Who is in your support system? Who are the people you can call on in need or in joy? It’s important to know who these people are, and to connect with them as often as needed. In the beginning, I had no idea such a thing mattered or was important. I did not always know how to have friends, or to let people in enough to realize they cared about me. Now, don’t get me wrong, I had friends, but I didn’t let it sink in all the way that these people cared about me, because I had put up so many protections around my heart.
The first time I learned about the concept of a support system I was in an inpatient treatment program for survivors of trauma. We had to draw a big circle, and inside of the big circle were smaller circles. We were asked to put a name of someone in our support system in each of the small circles. It was a hard exercise for me, admitting that other people mattered to me and could care about me. I was eventually able to think of four friends whom I considered to be in my support system. This exercise opened my mind and heart to the value of positive relationships. I realized that it was good to have people care about me, and that I could reach out to people with whom I felt safe. It was beautiful to begin to recognize those friendships that sustained me.
Who would you put in your circle? What qualities do each of these people have? Cherish these people and continue to cultivate your relationship with them by also showing them how much you care about them. It can be hard to remember to reach out to our friends and family when the world gets busy and stressful or we’re experiencing something difficult, but it’s so important for your heart, and for theirs. No one should be alone. As the quote by Ram Dass goes, “We’re all just walking each other home.”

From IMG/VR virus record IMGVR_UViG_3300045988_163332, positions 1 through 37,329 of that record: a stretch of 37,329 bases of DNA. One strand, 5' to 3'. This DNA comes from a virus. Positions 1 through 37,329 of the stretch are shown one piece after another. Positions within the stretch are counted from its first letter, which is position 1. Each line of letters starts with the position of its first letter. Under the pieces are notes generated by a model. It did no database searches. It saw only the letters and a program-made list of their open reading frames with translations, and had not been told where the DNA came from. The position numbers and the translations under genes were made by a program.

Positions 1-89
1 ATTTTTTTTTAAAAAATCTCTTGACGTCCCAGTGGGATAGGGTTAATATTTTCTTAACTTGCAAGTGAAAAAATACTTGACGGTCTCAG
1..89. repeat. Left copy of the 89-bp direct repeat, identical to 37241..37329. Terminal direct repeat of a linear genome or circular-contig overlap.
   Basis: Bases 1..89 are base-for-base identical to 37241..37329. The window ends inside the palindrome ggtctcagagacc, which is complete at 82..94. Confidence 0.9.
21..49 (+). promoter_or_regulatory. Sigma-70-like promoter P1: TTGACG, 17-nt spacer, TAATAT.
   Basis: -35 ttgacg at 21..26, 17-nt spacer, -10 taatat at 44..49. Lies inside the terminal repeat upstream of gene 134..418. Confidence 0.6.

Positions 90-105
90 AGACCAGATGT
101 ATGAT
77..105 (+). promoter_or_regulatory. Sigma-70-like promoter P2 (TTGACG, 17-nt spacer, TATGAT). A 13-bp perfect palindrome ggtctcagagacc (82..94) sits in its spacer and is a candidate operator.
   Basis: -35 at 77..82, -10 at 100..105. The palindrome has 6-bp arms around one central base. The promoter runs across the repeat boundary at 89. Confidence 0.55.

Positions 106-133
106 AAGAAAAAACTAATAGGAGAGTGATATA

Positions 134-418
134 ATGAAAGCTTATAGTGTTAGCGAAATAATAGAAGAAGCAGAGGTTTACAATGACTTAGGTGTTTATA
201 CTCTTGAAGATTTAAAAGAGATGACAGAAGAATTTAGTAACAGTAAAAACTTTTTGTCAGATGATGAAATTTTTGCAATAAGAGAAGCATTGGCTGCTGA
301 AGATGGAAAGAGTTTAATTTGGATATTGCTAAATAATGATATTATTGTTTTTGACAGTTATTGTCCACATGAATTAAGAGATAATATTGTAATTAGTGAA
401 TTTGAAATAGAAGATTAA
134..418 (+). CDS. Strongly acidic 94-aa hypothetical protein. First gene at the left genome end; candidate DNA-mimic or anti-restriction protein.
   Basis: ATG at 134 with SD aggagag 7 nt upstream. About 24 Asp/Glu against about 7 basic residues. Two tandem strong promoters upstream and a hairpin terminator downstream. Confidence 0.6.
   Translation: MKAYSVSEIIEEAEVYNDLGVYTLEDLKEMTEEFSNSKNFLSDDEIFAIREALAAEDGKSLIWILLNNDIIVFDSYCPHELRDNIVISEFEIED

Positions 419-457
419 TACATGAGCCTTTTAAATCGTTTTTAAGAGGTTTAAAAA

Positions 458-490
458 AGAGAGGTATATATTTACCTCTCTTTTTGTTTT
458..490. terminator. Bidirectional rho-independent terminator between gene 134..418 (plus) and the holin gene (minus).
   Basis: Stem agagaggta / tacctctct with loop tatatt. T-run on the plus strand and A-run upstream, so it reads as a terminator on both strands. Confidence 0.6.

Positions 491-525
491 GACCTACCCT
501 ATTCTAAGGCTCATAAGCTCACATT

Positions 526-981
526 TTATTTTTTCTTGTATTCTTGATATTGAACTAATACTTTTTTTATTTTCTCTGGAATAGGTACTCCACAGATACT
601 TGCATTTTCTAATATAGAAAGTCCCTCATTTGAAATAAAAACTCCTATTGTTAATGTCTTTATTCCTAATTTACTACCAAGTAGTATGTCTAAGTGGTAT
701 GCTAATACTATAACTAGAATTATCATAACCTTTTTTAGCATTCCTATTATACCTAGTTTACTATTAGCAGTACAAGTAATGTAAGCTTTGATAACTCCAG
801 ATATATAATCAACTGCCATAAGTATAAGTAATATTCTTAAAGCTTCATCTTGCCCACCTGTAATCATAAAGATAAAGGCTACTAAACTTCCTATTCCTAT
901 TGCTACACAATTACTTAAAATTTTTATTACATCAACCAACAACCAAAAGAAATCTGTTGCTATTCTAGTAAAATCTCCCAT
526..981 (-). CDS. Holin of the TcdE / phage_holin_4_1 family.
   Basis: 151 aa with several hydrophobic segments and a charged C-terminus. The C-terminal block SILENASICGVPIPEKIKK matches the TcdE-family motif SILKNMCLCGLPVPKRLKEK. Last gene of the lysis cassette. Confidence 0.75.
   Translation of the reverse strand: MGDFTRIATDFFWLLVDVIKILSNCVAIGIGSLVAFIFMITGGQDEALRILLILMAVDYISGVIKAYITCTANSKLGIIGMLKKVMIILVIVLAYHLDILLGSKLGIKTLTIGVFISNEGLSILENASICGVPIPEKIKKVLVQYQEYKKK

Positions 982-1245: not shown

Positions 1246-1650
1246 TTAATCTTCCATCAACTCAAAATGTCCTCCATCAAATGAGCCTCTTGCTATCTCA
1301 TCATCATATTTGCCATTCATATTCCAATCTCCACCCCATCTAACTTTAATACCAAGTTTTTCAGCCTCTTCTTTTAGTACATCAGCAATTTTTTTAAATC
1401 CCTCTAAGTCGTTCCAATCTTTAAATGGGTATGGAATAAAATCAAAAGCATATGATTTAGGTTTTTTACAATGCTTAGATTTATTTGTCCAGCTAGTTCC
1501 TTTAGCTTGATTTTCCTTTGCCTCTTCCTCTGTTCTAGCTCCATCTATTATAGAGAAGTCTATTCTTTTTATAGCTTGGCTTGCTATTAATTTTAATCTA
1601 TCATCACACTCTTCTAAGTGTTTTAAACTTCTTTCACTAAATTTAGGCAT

Sending you blessings and good friends for your journey.
Can you find times in your day to be still? It can be an enormous undertaking when you are living in the modern world. Being still allows peace to enter. Being still allows you to hear the “still, small voice.” Being still means putting away your smart phone and screens and televisions and distractions. Being still means being brave enough to sit in silence and accept the truth of who you are.
Pre-healing Rebecca ran and ran and ran. I joined things and did things and added many things to my schedule and life. I was afraid to be still. I was afraid to know myself. And yet, when I finally gave myself the space to be still and truly heal, I learned there was nothing to be afraid of. I didn’t have to be so scared. I thought the world would end if I was still enough to honor my true self, and yet the world didn’t end – it truly began.
Being still doesn’t mean you have stop doing all the things you need to do in your life. I know that in times of financial hardship I’ve had to work extremely hard to make ends meet and pay bills, and that didn’t really lend itself to being still very often. Neither does being a mother, a working mother, or any other kind of human. And yet, there is still time. Is there one minute in your day to be still? Stop running and doing and being all things to all people. Meet yourself in the stillness. Meet yourself in the peace. Give yourself the gift of being still. Being still will let you know who you are.